This section is from the book "Wayside And Woodland Blossoms", by Edward Step. Also available from Amazon: Wayside And Woodland Blossoms: A Guide To British Wild-Flowers.
In the genus Ophrys we have three species whose flowers bear quite startling likeness to a bee, spider and fly respectively. What is the purpose of this counterfeit presentment it is difficult to conjecture. It has been suggested that it might be to warn off or deceive insects, as the flowers are self-fertilized, but Charles Darwin did not think this was the probable reason. There is no spur in this group, there is no rostellum, and the ovary is not twisted. The stalks (caudicles) of the pollinia are so long and thin that the weight of the pollen masses causes them to bend over and touch against the stigma, fertilizing it.
I. Bee Orchis (O. apifera). The labellum is very convex and broad, three-lobed, of a rich velvety-brown colour, with a tail. The sepals are pinkish. The spike has only about about half a dozen flowers upon it, with a large leafy bract under each. Hillsides, fields and copses on chalk and limestone, chiefly in the South of England and Ireland. June and July. (Plate 77.)
II. Spider Orchis (O. aranifera). Similar to the last, but the sepals greenish, labellum differently marked, and without a tail. Similar situations to apifera, but much more rare. April and May.
III. Fly Orchis (O. muscifera. Sepals greenish, labellum narrow, flat, brown, with a yellow-edged, squarish blue patch. Strikingly like a fly. May to July.
The name of the genus is from the Greek, ophrus, an eyebrow, said to refer to the markings on the labellum.
Several other British species in different genera from those named bear similarly strange likenesses, such as the extremely rare Lizard Orchis (Orchis hircina), but some of the foreign forms are more remarkable still.
In addition to the species figured and those briefly described, we would call attention to a few others that may come under the rambler's notice. In boggy ground and sphagnum beds he may be so fortunate as to find the rare Bog Orchis (Malaxis paludosa), a small plant with tiny yellow-green flowers (July to September), and the scanty leaves producing bulbils from their edges which grow into new plants. In similar situations in the eastern counties he may even find the larger but much rarer Fen Orchis (Liparis loeselii).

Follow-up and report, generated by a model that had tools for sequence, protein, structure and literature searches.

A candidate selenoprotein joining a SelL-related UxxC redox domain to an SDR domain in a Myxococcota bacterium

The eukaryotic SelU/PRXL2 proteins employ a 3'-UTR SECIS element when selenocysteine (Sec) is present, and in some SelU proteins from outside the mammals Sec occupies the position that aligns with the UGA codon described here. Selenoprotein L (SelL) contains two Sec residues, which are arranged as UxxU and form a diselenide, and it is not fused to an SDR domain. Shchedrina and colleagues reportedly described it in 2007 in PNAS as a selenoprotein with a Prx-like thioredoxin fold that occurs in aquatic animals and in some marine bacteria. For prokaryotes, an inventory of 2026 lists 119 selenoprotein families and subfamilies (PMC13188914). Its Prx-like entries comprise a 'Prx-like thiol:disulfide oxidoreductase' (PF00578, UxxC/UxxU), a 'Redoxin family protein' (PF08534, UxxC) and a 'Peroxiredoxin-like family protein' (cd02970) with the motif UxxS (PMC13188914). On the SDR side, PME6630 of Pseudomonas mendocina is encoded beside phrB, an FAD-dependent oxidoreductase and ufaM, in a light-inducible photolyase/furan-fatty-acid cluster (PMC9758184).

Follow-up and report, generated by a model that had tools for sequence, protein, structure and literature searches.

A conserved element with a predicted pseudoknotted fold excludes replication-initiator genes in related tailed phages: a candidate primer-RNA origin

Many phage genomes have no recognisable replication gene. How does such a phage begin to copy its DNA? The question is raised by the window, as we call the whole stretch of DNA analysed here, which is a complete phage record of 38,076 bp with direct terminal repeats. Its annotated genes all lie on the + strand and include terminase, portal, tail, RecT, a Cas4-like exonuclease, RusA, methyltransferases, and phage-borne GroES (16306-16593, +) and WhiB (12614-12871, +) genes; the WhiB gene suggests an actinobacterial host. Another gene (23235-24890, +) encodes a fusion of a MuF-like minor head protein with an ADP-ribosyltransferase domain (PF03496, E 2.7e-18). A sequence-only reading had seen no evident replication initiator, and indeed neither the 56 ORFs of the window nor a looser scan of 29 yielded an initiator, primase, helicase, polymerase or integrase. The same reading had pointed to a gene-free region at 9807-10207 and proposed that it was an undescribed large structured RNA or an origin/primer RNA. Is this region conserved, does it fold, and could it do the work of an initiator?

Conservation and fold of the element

A singular species, to be found chiefly in beechwoods throughout the country, is the Birds'-nest Orchis (Neottia nidus-avis), so called from the peculiar character of its roots, which are stout and juicy, and woven into a resemblance to a nest. The whole plant is of a pretty uniform brown tint - both stem and flowers. There are no leaves, for the plant lives upon decaying vegetable matter, and has no necessity to bother about chlorophyll. It is botanically known as a saprophyte. Flowers June and July.
The very distinct Twayblade (Listera ovata) is sure to be encountered in woods and pastures. Its two leaves are very broad, and appear to be opposite, but are not really so. The flowers are small and greenish; they appear in May. There is a singular fact in connection with the fertilization of this plant that should be noted. The pollen-masses are dry and friable, and would not be likely to adhere to insects. But if the rostellum be touched ever so lightly, it instantly exudes a gummy fluid, which enables the pollen to stick tightly to the insect causing the irritation. Examine the flower with your lens, irritate the rostellum by prodding it with the point of a hair from your own head, and note what you observe.
At the end of Summer in dry pastures there may be found a slender plant with a twisted spike of fragrant white flowers. These flowers are very small, enclosed each in a hood-like bract. It is the Autumnal Lady's-tresses (Spiranthes autumnalis). The rosette of leaves from the root does not appear until after the flowers.
Ophrys apifera. - Orghideaee. -